I feel like these two reviews, You by Austin Grossman and World War Z by Max Brooks, are a long time coming. I read both of them back in April, then just procrastinated on putting together even some short thoughts. In brief, I liked both of these books well enough, but I didn’t love them in a way that’d make me recommend them unequivocally as I have some books in the past. Read on to find out why!
You by Austin Grossman
When Russell joins Black Arts games, brainchild of two visionary designers who were once his closest friends, he reunites with an eccentric crew of nerds hacking the frontiers of both technology and entertainment. In part, he’s finally given up chasing the conventional path that has always seemed just out of reach. But mostly, he needs to know what happened to Simon, the strangest and most gifted friend he ever lost, who died under mysterious circumstances soon after Black Arts’ breakout hit.
Then Black Arts’ revolutionary next-gen game is threatened by a mysterious software glitch, and Russell finds himself in a race to save his job, Black Arts’ legacy, and the people he has grown to care about. The bug is the first clue in a mystery leading back twenty years, through real and virtual worlds, corporate boardrooms and high school computer camp, to a secret that changed a friendship and the history of gaming. The deeper Russell digs, the more dangerous the glitch appears–and soon, Russell comes to realize there’s much more is at stake than just one software company’s bottom line.
I think I went into You with slightly misplaced expectations. Because it was about video games and because Austin Grossman is Lev Grossman’s brother, I had this idea that You would be a mix between two books I really love — Ready Player One by Ernest Cline and The Magicians by Lev Grossman. But given how much I adore both of those stories, it’s an entirely unfair standard to judge You by.
But even when I managed to adjust my expectations, I think You fell a little bit short. There are three threads to the story — the making of a video game, the experience of playing video games, and the history of a video game company — but they’re not equally interesting. The characters are what really drive this story, so when they’re “off screen,” so to speak, while Russell is playing through the Black Arts backlist, the book flounders. Still, parts of this book were a ton of fun (I loved, for example, a scene when a demo for the game goes hideously and violently awry in front of a room of games journalists) and I’m glad I read it, even if it wasn’t a perfect read.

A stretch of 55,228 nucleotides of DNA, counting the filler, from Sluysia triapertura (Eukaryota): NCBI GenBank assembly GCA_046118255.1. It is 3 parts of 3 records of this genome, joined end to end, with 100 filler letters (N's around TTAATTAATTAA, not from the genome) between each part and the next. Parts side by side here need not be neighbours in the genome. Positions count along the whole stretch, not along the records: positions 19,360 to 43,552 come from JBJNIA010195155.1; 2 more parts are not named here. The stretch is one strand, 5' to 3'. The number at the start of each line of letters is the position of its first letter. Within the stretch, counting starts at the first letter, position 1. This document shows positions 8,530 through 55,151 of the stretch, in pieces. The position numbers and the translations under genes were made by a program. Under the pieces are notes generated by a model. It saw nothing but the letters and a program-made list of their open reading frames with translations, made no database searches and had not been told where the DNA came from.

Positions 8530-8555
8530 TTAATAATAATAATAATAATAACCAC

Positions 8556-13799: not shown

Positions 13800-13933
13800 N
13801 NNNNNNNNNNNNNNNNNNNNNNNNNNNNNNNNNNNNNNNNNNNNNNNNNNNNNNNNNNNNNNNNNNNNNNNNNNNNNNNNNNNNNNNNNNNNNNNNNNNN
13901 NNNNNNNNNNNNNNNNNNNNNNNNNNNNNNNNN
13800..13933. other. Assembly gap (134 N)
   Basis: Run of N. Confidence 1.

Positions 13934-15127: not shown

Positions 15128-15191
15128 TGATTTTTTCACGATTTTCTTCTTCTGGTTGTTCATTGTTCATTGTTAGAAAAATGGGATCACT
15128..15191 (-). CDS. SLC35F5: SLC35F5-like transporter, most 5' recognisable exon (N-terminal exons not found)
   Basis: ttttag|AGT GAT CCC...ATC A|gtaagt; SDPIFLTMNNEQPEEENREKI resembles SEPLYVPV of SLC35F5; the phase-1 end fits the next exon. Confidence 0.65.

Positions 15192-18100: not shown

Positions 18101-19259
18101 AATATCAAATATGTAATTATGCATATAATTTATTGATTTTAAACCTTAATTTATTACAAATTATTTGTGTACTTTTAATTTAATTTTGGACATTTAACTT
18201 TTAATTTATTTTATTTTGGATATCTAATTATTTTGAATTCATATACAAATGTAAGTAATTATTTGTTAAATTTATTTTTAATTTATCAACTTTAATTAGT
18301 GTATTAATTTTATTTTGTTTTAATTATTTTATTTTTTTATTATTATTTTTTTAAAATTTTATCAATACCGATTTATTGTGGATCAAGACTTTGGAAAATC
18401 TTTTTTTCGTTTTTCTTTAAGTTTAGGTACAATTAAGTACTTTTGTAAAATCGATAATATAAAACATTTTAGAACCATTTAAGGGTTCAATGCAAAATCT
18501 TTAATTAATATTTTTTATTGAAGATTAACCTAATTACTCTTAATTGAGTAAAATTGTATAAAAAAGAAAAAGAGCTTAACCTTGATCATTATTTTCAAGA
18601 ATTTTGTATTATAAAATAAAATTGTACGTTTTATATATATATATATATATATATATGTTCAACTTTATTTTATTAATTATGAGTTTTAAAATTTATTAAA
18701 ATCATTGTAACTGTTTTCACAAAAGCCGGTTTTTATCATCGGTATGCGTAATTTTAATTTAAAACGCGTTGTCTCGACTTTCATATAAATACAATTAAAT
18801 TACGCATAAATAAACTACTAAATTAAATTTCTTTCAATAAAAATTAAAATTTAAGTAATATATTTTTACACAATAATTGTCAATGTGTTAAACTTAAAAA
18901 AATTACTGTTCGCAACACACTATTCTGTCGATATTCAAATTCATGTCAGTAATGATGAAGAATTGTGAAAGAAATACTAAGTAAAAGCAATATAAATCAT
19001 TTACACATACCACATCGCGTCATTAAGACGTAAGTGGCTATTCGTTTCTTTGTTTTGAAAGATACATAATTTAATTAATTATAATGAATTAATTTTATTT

World War Z by Max Brooks
The Zombie War came unthinkably close to eradicating humanity. Max Brooks, driven by the urgency of preserving the acid-etched first-hand experiences of the survivors from those apocalyptic years, traveled across the United States of America and throughout the world, from decimated cities that once teemed with upwards of thirty million souls to the most remote and inhospitable areas of the planet. He recorded the testimony of men, women, and sometimes children who came face-to-face with the living, or at least the undead, hell of that dreadful time. World War Z is the result. Never before have we had access to a document that so powerfully conveys the depth of fear and horror, and also the ineradicable spirit of resistance, that gripped human society through the plague years.
Ranging from the now infamous village of New Dachang in the United Federation of China, where the epidemiological trail began with the twelve-year-old Patient Zero, to the unnamed northern forests where untold numbers sought a terrible and temporary refuge in the cold, to the United States of Southern Africa, where the Redeker Plan provided hope for humanity at an unspeakable price, to the west-of-the-Rockies redoubt where the North American tide finally started to turn, this invaluable chronicle reflects the full scope and duration of the Zombie War.
On the one hand, I love the idea behind World War Z. It is a shining example of one of my genre weaknesses, process dystopia (thanks to Jenny of Jenny’s Books for the term), in which the reader spends the whole book watching the world slowly decline into chaos. And so from that standpoint, I enjoyed reading the book and had a lot of fun with it.
The problem I had is that I don’t think Brooks fully executed the concept. The book is supposed to be a collection of oral histories, but nearly all of the characters sounded exactly the same. What’s the point of writing the book in this format if it’s impossible to distinguish most of the narrators from one another? When I mentioned this book during the Readathon, several people mentioned that the audio book is done like a radio play with multiple narrators. I wish I’d listened to the book rather than read it, since I think that could have covered this flaw a little bit.
Disclosure: I borrowed a copy of You from a friend and borrowed a copy of World War Z from the library.